The best anti-aging elixir is… a bowl of strawberries! And if we also add other berries, such as blueberries, it's even better. In fact, different berries have been shown to protect different brain areas from inflammation and free radical damage, strengthening and improving memory, learning ability and executive functions. This emerges from recent scientific research published in the British Journal of Nutrition by an American team from the USDA Human Nutrition Research Center on Aging at Tufts University (Miller et al, BJN, 2021).
The aging brain and the role of nutrition
As we age our body loses the ability to protect itself from the damage of inflammation and free radicals. As a consequence, a deterioration of cognitive, motor and neuronal function may occur. However, studies have shown that some food choices can counteract the damage of aging processes and preserve some functions. Among these foods, berries undoubtedly emerge, rich in polyphenols and with an anti-inflammatory and antioxidant action. Previous studies carried out on animals have been able to show that the intake of strawberries could improve several parameters of brain health. And what happens to humans? This is where the study we are talking about today comes into play.
Strawberries and other berries to protect the brain
Scientists recruited 37 people, aged between 60 and 75 years. The volunteers were divided into two groups. The first group was asked to eat 300 grams of strawberries every day for 3 months. The second group had to take a placebo instead. At the beginning, in the middle and at the end of the experiment, the volunteers underwent tests to evaluate their cognitive function. Well, those who had taken the strawberries showed significant improvements in the execution of the tests. In particular, reaction times have improved, when asked to recognize words, and the ability to memorize the positions of objects and to move in space, planning a route, has improved, too. What has been observed can be traced back to an improvement in the hippocampus region. It is noteworthy that a previous study, conducted by the same research group, had shown that in humans the intake of blueberries is able to improve executive functions and not memory. Executive functions involve multiple functions such as planning actions, staying focused on something, even in the presence of distractions, and exhibiting self-control.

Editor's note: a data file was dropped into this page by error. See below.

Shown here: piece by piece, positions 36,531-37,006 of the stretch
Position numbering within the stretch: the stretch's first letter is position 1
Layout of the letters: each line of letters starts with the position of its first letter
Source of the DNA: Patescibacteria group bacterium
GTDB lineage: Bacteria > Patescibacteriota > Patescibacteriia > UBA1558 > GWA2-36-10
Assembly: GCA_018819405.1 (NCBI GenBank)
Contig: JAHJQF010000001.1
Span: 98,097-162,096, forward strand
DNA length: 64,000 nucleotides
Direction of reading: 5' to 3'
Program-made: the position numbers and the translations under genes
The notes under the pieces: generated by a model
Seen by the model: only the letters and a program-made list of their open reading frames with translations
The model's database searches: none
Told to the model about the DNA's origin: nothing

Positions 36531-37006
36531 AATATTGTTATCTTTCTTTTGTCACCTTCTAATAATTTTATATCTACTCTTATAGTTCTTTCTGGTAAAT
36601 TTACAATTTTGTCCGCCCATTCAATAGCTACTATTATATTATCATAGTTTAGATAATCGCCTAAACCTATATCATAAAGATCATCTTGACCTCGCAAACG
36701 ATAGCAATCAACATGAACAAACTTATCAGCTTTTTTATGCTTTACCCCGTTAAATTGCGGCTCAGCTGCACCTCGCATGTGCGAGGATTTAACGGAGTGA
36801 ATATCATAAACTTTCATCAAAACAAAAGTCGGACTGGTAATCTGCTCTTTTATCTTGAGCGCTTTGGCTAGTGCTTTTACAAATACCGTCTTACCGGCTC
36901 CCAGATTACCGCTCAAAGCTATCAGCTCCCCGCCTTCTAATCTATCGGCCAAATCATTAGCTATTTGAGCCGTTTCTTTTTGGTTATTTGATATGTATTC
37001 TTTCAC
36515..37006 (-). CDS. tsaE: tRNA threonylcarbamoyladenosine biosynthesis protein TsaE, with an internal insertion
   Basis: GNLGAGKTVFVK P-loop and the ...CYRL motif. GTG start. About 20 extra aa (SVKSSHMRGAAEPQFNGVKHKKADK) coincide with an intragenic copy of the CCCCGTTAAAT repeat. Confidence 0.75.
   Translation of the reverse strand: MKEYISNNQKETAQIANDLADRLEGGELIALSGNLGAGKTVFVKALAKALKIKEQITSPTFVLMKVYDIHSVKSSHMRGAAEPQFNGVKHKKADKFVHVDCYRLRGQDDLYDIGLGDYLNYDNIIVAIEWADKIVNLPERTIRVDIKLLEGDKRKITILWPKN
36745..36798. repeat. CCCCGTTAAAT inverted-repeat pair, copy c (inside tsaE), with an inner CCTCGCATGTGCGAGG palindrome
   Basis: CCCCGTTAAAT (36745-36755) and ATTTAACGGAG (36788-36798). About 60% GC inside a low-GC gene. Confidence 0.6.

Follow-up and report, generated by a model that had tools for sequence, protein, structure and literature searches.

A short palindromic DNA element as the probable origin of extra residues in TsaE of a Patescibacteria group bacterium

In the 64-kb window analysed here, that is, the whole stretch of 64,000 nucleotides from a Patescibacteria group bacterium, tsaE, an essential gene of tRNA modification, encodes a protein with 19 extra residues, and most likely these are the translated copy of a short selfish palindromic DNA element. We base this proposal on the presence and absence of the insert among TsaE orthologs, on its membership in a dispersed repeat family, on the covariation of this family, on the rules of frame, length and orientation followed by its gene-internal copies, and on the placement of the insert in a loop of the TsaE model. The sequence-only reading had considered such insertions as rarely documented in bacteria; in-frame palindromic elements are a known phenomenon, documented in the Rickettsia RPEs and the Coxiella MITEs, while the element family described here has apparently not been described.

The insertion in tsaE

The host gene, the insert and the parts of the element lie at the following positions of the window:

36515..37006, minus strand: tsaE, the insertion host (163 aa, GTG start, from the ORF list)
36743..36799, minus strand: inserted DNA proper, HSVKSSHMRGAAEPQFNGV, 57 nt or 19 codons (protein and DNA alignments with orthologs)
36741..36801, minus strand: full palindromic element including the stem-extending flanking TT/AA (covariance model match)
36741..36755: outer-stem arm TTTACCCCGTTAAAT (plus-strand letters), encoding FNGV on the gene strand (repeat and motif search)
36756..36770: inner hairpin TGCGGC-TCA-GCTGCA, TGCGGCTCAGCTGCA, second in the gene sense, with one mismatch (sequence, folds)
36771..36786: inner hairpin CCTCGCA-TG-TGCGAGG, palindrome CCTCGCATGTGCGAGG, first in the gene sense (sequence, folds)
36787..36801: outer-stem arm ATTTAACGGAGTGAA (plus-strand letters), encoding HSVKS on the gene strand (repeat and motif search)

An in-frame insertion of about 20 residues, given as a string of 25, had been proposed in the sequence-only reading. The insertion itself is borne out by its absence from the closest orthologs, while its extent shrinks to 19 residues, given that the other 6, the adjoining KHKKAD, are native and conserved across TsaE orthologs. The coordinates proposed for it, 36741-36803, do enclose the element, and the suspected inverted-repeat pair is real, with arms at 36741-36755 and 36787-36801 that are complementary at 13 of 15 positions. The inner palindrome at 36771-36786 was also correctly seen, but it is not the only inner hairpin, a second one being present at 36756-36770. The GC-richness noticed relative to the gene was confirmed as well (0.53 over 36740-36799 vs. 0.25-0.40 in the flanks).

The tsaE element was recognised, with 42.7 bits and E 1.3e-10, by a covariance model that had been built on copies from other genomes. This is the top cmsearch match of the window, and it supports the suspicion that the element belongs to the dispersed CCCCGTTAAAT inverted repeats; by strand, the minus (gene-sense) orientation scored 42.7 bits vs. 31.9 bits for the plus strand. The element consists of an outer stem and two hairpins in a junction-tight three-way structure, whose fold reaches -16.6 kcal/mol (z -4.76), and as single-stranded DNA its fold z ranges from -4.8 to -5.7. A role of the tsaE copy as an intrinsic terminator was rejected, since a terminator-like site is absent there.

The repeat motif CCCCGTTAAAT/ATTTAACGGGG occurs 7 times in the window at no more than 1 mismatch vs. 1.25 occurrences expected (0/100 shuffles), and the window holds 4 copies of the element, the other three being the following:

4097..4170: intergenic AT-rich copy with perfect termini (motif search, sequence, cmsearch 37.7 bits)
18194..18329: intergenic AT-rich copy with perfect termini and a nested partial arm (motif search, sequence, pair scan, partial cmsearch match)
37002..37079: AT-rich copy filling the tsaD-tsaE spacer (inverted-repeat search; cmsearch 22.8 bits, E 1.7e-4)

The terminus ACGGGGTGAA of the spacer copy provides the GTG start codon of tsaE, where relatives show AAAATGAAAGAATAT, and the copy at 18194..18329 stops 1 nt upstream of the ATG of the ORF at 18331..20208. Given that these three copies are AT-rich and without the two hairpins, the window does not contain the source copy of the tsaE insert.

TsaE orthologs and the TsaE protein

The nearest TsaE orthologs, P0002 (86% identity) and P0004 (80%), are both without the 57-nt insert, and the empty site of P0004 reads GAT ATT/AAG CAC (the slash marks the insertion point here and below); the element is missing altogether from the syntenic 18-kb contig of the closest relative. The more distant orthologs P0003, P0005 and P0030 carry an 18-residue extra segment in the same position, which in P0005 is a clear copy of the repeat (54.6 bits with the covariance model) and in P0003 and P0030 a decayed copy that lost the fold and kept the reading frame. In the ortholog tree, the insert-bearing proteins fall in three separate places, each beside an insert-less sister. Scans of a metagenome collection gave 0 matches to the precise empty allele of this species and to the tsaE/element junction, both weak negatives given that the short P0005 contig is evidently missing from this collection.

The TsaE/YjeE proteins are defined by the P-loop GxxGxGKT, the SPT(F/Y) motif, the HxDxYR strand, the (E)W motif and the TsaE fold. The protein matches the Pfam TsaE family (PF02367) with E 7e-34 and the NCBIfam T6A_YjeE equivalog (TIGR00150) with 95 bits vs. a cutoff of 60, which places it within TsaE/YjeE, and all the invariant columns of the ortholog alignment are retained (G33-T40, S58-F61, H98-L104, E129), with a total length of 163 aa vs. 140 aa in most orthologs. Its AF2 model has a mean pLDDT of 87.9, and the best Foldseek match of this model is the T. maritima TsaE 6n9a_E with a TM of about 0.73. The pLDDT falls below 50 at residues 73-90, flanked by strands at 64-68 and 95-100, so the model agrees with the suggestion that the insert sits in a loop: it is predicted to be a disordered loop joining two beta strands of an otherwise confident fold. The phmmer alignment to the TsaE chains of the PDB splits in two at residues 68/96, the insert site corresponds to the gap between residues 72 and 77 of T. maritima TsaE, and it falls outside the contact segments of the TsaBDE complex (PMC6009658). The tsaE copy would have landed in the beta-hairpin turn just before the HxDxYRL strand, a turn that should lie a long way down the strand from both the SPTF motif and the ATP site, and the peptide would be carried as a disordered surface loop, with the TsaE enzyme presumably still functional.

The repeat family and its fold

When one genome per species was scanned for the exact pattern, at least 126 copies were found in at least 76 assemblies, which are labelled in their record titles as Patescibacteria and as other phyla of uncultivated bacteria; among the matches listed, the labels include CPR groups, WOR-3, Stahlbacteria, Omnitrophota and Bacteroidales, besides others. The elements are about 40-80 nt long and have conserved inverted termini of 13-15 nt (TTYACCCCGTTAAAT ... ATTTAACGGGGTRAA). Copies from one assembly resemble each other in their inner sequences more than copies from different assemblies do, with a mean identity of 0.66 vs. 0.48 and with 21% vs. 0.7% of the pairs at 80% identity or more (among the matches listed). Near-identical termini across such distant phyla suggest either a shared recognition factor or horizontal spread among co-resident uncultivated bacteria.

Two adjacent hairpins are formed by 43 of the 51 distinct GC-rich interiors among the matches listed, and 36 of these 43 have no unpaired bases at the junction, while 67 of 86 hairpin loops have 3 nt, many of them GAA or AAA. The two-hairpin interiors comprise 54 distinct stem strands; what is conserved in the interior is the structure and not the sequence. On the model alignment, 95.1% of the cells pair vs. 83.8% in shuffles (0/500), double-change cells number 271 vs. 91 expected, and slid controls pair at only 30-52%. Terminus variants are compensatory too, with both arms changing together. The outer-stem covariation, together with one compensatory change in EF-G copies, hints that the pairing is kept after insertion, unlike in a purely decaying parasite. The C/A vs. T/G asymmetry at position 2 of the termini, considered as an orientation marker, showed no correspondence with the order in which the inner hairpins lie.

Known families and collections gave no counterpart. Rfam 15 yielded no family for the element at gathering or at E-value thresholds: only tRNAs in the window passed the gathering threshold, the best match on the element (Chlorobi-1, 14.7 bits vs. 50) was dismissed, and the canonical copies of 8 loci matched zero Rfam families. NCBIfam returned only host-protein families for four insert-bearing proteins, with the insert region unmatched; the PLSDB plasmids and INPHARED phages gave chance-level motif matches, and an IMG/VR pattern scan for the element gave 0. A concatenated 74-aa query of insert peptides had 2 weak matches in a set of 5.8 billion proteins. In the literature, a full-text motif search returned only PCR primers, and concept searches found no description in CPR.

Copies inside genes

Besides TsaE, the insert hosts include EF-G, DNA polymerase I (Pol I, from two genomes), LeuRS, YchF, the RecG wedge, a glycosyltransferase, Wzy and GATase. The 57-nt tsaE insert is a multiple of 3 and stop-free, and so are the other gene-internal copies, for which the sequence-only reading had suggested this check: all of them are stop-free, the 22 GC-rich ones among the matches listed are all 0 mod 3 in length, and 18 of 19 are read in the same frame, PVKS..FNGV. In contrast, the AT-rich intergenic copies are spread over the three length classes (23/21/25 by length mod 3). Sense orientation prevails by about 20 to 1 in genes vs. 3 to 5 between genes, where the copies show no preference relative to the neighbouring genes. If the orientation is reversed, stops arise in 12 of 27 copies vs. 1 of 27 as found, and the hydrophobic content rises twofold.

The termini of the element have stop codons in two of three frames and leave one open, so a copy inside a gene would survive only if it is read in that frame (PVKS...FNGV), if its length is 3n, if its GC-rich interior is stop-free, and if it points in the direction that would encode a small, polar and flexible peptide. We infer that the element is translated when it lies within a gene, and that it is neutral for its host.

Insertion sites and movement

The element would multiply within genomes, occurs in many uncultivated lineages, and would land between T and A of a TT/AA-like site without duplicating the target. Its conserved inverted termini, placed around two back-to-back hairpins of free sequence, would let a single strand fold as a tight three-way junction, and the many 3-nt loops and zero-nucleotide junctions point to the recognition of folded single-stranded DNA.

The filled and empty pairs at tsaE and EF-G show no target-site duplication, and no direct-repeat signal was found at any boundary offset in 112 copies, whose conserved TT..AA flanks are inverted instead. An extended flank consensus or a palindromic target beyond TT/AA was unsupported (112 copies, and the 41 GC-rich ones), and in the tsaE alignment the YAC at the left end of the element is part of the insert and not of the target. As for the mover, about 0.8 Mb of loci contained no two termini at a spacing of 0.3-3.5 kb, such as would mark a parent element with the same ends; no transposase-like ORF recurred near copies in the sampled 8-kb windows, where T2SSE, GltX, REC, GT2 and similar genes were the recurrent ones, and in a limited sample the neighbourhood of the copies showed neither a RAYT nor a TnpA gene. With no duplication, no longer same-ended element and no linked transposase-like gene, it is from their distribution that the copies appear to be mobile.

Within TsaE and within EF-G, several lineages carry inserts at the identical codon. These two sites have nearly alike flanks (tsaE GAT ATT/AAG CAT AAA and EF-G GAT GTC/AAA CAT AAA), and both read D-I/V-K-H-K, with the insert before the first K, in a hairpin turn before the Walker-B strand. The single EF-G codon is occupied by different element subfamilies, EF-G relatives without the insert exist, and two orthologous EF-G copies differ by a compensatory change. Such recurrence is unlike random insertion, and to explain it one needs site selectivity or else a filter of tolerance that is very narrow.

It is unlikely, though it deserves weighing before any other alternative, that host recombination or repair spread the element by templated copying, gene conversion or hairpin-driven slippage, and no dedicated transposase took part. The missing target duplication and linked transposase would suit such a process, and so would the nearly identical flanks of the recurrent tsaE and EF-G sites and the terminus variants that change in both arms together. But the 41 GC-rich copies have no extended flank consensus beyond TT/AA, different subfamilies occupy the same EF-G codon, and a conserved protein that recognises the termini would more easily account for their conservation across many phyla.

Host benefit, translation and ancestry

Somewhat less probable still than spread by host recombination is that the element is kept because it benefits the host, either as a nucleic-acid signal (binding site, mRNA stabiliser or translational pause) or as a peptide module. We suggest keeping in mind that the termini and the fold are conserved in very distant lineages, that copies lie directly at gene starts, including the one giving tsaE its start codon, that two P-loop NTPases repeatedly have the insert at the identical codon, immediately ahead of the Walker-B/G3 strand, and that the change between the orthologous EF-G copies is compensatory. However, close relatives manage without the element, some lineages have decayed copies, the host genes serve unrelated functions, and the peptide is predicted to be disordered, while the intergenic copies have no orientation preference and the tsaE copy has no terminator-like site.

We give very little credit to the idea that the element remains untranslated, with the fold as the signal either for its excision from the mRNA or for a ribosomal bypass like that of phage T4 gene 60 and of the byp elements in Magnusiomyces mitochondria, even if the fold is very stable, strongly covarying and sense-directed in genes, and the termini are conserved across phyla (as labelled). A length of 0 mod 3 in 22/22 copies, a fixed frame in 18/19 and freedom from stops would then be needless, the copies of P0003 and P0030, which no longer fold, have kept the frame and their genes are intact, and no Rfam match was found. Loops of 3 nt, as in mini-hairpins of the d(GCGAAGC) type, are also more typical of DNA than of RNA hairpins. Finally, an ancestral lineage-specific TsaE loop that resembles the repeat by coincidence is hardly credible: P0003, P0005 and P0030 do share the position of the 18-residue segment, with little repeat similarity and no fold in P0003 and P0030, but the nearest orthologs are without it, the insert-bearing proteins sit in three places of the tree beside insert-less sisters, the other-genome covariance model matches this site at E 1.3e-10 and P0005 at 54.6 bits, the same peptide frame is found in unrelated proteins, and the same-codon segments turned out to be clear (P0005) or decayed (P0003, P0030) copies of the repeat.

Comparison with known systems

Therefore, this allowed scientists to hypothesize that different berries also act on different areas of the brain. In particular, it is believed that blueberry polyphenols act by protecting the frontal cortex while strawberry polyphenols protect the hippocampus. The conclusion is that a mix of berries is the ideal long life elixir, capable of acting on different brain regions, bringing benefits in several areas, from memory to executive function.
Other studies will follow to confirm the different action on the brain of the different types of berries. In particular, it will be interesting to observe the increase of specific polyphenols in particular regions of the brain following the intake of berries in order to trace the action of each fruit. For the moment, however, even if just at the beginning, the study is of vital importance as it allows us to understand how important berries are in the daily diet to protect against aging processes. Green light to strawberries therefore, if there is no allergy, but also to blueberries and why not to blackberries and raspberries, waiting to clarify their properties.